Date of Degree

9-2020

Document Type

Dissertation

Degree Name

Ph.D.

Program

Biochemistry

Advisor

Brian R. Gibney

Committee Members

Brian R. Gibney

Lesley Davenport

Andrzej Jarzecki

Alison Hyslop

John S. Magyar

Subject Categories

Biochemistry | Chemistry | Inorganic Chemistry

Keywords

zinc finger proteins, metalloproteins, protein folding, metal-protein interactions, Cobalt(II), Lead(II)

Abstract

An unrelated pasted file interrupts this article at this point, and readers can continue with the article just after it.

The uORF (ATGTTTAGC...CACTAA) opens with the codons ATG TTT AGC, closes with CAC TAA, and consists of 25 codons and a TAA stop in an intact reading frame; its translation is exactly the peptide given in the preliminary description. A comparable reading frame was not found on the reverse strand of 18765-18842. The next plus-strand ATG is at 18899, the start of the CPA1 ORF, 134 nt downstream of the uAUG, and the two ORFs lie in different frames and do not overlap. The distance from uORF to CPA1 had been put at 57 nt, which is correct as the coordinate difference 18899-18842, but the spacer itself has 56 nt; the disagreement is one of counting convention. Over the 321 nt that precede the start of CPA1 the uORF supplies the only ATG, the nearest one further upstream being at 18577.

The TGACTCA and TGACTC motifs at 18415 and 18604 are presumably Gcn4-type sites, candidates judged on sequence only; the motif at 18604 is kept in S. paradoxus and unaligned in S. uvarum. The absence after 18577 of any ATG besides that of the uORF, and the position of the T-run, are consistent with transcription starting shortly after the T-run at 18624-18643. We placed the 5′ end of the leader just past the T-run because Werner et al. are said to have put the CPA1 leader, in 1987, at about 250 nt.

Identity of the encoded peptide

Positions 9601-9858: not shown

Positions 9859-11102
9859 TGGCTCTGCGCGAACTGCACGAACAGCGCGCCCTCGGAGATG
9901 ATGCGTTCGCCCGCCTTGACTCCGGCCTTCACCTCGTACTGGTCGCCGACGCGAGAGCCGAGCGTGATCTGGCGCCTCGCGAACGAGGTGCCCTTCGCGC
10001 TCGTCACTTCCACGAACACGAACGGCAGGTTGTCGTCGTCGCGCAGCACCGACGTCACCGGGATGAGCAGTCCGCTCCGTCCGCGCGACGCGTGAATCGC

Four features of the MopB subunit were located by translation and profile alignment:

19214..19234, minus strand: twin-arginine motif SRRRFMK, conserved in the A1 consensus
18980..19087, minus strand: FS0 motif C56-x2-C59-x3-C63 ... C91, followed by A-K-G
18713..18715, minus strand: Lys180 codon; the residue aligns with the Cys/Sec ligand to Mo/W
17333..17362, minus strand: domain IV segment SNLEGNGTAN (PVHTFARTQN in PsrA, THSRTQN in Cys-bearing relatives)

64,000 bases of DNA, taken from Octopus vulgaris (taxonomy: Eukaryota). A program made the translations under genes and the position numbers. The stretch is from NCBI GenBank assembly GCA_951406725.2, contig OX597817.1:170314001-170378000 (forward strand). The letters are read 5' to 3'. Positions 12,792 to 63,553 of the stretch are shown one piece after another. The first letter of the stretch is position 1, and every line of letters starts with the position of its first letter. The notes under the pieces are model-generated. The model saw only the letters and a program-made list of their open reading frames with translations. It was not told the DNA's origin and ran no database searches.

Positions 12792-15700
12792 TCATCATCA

Interactions between inorganic metal-ion cofactors and organic protein scaffolds are important for the proper structure and function of metalloproteins. Zinc finger proteins (ZFPs) are an example of proteins with such crucial metal-protein interactions. Incorporation of the Zn(II)-ion into ZFPs allows for their correct folding into structures that can carry out vital biological functions which include gene expression and tumor suppression. In addition, engineered ZFPs have shown to be promising genetic therapeutics in the clinic. And yet, there is still a gap in a quantitative understanding of the energetic contribution of the metal-protein interactions towards the structure and function of these important metalloproteins. Detailed knowledge of the principles that governs such interactions in natural metalloproteins will provide the much-needed insight for the rational construction of novel engineered zinc proteins for promising corrective therapeutics for genetic disorders. In this thesis, the investigation of the role that a specific metal-ion has on the energetics of metal-induced protein folding events is presented. To compare with Zn(II) related studies, an unstructured peptide scaffold, GGG, with Cys4-xHisx (x=0,1,2) metal-binding coordination motifs is utilized to determine the thermodynamics of Co(II) and Pb(II) binding to the three motifs. Furthermore, the difference between Co(II) and Pb(II) affinities to GGG and their affinities to natural ZFPs that undergo metal- induced protein folding events, provides the energetic cost of folding for these natural ZFPs – values that were hithertofore unknown. The data demonstrate that the Co(II)-ion has no binding preference for cysteine thiolate over histidine imidazole, while Pb(II)-ion prefers cysteine thiolate. Each substitution of Cys by His lower the contribution of Pb(II)-binding towards protein stabilization by approximately 2.0 kcal/mol - similarly to previously observed results for Zn(II). Lastly, both metal-ion studies agreed with previous Zn(II) studies, indicating that the cost for apo-ZFPs folding in natural ZFPs is minimal, less than 4.5 kcal/mol.

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